3. Thank you for the suggestion. This sounds like a subtle film. I'll order it on Netflix.

  4. I think this is so interesting because I had heard such raves about this movie. Then I saw it and wondered what the clamoring was about.
    Only later did I realize that I had totally, as in totally, ignored the music. And it was clear, once again, how separated I am from music. I was totally 'watching' it, not hearing it, immune to the way the music was designed to lead me along. (My daughter has dyslexia, more serious than mine, and was tested for auditory discrimination problems. I'm sure that I have it also. The best I can do is understand that Bach and Mozart are high structures and comforting, even though i can't remember what I just, three minutes ago, heard...)
    What I was capable of noticing was the completely unusual way of ignoring the 'standard' Hollywood predictable endings! Oh, that was wonderful.
    I have been watching Saturday late afternoon films with two friends. We saw a film that just captured me. I think it's called "The Good Heart", (not that dumb Hollywood thing heart thing..but a Norwegian film with a fabulous English actor (my daughter's favorite actor who I'd never heard of and don't remember the name of). Oh, it was so inventive (as well as beautiful...
    But last week, because my woman friend doesn't really like the films that her husband and I like, we watched one that her daughter chose about the Morgan's something, something with Sarah Jessica Parker (oh, she's so skinny and played such a wretched spoiled character that anyone with any sense would have smacked her, except that pudgy old Hugh Grant was playing her besotted husband...) I could barely stand sitting there because I knew the plot before it unfolded...and wondered whether I have time left to watch this wretched stuff with my dear friend who has uncomfortably sat though the films that I find endearing and meaningful.
    so, it's it awful to be getting so selfish?
    thank you, Cuban, again...

  5. I meant that Bach and Mozart are highly structure..sorry about spelling mistake!
    thanks again..

  6. We watched this film a couple of years ago, while we were still in Malaysia and loved it! I love the main song, it is very nice.

  7. I missed this film but saw the wonderful preview in the theater. Thanks for reminding me that this was one I wanted to see. I like actors who look like real people and films about music. I prefer this type of film to the block busters too. Will add to my Netflix queue.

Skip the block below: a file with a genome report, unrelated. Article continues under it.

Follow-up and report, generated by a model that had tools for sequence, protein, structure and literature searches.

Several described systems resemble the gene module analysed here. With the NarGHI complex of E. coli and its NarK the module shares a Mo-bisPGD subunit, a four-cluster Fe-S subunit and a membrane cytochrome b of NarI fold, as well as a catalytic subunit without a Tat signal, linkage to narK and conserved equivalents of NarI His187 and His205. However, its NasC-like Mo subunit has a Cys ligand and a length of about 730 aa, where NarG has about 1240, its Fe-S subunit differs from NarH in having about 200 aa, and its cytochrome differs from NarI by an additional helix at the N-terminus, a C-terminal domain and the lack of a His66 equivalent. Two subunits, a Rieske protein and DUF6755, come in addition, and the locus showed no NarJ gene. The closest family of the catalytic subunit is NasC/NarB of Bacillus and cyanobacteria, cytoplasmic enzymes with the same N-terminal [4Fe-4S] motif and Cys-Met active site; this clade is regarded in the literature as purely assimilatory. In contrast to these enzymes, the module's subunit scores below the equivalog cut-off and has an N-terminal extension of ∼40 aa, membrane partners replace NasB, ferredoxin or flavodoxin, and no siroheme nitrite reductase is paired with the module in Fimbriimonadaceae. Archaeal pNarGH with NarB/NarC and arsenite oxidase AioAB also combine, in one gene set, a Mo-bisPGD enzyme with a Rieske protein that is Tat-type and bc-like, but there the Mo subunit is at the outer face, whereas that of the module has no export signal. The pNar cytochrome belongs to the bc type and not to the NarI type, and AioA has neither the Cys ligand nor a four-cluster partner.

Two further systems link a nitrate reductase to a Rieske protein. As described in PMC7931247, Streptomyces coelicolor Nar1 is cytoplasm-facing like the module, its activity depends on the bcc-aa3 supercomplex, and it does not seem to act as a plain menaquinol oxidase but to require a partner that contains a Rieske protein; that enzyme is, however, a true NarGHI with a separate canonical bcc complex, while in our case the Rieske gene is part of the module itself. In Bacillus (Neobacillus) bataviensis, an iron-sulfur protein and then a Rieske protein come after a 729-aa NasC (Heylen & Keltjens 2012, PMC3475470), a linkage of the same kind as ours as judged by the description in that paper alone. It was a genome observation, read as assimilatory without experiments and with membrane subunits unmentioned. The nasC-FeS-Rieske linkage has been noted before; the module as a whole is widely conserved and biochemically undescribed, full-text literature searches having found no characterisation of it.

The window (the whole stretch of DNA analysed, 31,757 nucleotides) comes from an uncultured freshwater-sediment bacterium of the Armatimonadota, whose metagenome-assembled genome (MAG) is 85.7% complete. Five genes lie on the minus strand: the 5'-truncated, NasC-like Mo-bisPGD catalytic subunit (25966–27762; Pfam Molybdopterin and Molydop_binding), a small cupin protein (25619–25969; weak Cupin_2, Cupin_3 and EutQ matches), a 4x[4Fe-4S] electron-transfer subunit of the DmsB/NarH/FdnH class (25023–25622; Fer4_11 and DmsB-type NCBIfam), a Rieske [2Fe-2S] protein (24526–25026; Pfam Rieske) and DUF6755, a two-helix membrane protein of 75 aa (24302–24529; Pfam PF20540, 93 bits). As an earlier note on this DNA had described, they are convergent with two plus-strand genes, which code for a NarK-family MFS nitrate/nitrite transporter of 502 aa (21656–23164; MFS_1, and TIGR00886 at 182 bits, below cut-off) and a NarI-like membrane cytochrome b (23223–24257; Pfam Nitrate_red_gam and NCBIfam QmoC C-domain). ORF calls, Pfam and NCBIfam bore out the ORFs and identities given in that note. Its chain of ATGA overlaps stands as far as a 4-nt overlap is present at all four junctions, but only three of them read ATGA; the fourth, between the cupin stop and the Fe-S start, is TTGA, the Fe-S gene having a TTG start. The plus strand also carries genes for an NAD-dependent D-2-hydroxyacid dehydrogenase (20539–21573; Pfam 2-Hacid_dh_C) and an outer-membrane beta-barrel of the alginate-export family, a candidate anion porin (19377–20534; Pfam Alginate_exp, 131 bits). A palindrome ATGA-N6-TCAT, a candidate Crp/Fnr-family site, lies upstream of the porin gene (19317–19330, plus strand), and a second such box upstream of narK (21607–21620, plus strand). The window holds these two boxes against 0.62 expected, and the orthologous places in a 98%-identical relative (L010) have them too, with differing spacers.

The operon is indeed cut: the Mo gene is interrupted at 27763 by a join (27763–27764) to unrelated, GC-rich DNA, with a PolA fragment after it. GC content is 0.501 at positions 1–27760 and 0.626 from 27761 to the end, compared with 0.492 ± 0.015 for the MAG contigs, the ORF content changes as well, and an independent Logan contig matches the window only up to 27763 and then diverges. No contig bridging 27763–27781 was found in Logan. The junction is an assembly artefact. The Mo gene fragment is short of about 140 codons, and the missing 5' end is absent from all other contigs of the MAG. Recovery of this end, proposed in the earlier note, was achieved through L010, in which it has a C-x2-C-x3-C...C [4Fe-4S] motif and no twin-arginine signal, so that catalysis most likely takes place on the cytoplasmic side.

Interesting tour of KL too in the post below! Thanks for sharing.

  8. I saw this sweet film about a year ago..it had something of a good reputation around here..your review is perfect..makes me want to watch it again..thanks!

  9. One thing about living in America is that I often miss out on or don't even hear about the independent films going on in Europe. I've got so much to catch up on.

    I'll have to check this film out. Thanks for letting me know, Cuban.


  10. Many thanks for your wonderful comments.

    Greetings from London.

  11. A friend of mine recommended this to me a while back. She fell in love with it, then bought the soundtrack. I don't know why I never saw it, but it looks remarkable. I think I'll definitely put it on the To Do list. Thanks for your recommendation!

  12. I've seen this advertised a few times, but never thought to watch it. Thanks for the review, will try to catch it sometime soon.

  13. I'll rent it again. Remember liking it first time around. Two others that are a bit quirky that I've really enjoyed are both by Tom McCarthy: 'The Station Agent' & 'The Visitor'- both leave you with a smile on your face and a joyful heart. Have you seen these already?

  14. I absolutely loved this film. Like you, I loved how unpredictable it was. It's so subtle and gentle, and really does leave you with a smile on your face.

    And this morning I was trying on a wedding dress, and the first song they sing together came on the store's hi-fi :)

  15. No, I haven't seen those movies, Maggie, but thanks a lot for your recommendation. I will check them out.

    Many thanks to everyone for your comments.

    Greetings from London.